A reconstructed map of Sheffield’s watery past, using various techniques and sources.
I like what the folk at Daylighting Urban Rivers have done here, and what with the subject being Sheffield, it brought Jarvis Cocker to mind, in particular his lyrics to the Pulp song Wickerman, and also these words that begin his chapter in our book, A Collection of Words on Water:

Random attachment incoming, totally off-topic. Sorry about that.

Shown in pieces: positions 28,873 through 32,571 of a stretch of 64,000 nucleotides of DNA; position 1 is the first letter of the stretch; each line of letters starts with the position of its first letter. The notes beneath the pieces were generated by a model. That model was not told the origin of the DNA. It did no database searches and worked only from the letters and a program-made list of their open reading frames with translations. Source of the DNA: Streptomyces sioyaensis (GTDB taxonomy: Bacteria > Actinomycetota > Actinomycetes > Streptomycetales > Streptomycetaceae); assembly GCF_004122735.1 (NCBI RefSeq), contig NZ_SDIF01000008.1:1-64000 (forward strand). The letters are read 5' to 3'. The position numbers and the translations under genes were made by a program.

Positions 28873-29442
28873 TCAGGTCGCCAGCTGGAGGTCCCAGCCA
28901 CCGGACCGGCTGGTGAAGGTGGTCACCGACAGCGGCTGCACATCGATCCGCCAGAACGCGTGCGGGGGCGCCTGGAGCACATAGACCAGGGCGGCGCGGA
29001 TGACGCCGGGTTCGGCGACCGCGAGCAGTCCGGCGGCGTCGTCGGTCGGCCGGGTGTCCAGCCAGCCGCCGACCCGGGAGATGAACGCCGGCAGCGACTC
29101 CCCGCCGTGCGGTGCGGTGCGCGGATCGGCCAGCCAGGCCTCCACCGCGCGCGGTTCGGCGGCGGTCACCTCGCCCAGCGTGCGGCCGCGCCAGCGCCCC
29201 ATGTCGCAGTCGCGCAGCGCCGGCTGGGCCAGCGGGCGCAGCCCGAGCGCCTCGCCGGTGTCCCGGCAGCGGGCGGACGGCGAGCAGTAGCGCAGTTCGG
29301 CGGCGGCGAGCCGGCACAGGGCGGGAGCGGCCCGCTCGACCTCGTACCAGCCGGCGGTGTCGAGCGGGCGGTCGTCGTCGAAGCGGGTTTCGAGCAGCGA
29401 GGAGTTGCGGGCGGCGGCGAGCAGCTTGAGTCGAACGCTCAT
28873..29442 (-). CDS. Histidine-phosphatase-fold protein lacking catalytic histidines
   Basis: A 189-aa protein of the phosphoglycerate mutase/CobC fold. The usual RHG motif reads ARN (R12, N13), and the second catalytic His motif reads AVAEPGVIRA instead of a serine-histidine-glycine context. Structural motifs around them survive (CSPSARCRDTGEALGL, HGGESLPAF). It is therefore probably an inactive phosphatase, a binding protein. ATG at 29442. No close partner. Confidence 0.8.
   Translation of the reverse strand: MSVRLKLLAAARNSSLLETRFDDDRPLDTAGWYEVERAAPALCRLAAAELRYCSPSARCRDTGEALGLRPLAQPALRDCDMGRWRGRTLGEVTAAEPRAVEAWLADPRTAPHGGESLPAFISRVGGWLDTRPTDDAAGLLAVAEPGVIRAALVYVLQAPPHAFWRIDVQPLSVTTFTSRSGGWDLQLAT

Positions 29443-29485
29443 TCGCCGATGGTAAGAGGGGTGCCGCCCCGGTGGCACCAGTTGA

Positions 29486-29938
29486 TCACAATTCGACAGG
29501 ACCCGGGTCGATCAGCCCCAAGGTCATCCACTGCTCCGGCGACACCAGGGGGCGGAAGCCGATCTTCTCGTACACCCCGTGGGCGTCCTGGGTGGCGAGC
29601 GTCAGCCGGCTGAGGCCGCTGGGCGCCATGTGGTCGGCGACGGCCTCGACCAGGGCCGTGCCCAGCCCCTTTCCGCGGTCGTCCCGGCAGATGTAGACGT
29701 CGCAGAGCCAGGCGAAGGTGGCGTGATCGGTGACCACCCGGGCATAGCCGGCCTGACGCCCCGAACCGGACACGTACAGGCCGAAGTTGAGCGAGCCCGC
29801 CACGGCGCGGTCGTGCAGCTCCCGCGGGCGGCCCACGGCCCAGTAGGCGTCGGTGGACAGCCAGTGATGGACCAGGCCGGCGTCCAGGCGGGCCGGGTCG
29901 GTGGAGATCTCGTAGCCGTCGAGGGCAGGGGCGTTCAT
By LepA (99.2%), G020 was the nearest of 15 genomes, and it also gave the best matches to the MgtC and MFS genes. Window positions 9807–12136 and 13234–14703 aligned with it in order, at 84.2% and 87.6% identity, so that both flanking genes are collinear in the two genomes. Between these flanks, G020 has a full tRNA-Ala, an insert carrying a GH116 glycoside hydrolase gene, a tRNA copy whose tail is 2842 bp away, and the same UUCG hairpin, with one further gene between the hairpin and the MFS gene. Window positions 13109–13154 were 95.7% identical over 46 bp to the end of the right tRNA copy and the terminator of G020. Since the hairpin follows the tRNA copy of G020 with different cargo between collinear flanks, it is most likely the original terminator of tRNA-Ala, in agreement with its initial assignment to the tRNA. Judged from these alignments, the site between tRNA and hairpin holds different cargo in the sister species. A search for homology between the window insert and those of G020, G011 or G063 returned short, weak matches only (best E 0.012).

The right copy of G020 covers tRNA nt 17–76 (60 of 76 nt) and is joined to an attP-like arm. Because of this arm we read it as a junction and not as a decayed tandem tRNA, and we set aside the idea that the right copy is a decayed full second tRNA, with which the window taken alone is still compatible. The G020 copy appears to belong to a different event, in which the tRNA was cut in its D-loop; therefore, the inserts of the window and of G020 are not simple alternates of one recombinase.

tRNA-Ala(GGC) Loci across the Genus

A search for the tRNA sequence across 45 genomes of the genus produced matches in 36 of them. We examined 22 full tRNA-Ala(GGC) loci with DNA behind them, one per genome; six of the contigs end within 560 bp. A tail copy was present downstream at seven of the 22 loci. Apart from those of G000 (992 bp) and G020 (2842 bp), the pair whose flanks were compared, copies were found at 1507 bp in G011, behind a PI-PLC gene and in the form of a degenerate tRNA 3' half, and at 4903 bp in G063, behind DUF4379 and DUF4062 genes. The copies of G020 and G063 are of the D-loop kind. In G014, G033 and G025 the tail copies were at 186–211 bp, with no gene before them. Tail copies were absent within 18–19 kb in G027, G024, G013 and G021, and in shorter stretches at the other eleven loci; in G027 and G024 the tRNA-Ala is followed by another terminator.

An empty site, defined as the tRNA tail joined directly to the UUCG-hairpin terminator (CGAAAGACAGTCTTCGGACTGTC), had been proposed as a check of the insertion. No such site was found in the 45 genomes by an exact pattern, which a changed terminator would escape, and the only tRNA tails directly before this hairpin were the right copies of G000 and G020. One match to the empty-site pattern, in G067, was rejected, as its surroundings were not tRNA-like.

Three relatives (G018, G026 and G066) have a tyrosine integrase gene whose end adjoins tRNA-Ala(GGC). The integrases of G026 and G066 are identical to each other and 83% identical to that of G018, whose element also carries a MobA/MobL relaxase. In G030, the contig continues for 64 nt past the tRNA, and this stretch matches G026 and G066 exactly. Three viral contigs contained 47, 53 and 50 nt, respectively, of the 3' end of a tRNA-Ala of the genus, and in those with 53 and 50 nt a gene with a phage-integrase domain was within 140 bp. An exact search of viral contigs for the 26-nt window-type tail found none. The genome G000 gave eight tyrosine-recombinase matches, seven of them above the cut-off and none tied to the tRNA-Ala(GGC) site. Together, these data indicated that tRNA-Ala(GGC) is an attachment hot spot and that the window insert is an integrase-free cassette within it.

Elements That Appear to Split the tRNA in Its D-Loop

“The River Porter is visible at the side of Sheffield’s train station. It runs through a concrete channel for about 20 yards before disappearing into a tunnel. Sometime in the mid-Eighties, myself and some friends decided to follow the river as far as possible. At first we attempted to stay out of the water as it appeared very polluted: large, oily globules the colour of ketchup covered the surface. This soon proved impossible and we waded through the knee-high water, hoping not to contract an industrial disease. Sometimes the river would run through a dirty brickwork tunnel for a quarter of a mile or so (which was quite scary, seeing as no-one had thought to bring a torch) and then it would emerge in another part of town – never where we expected. It seemed quite amazing to discover such an adventure in the middle of the city we had grown up in and which we all professed to be totally bored with.”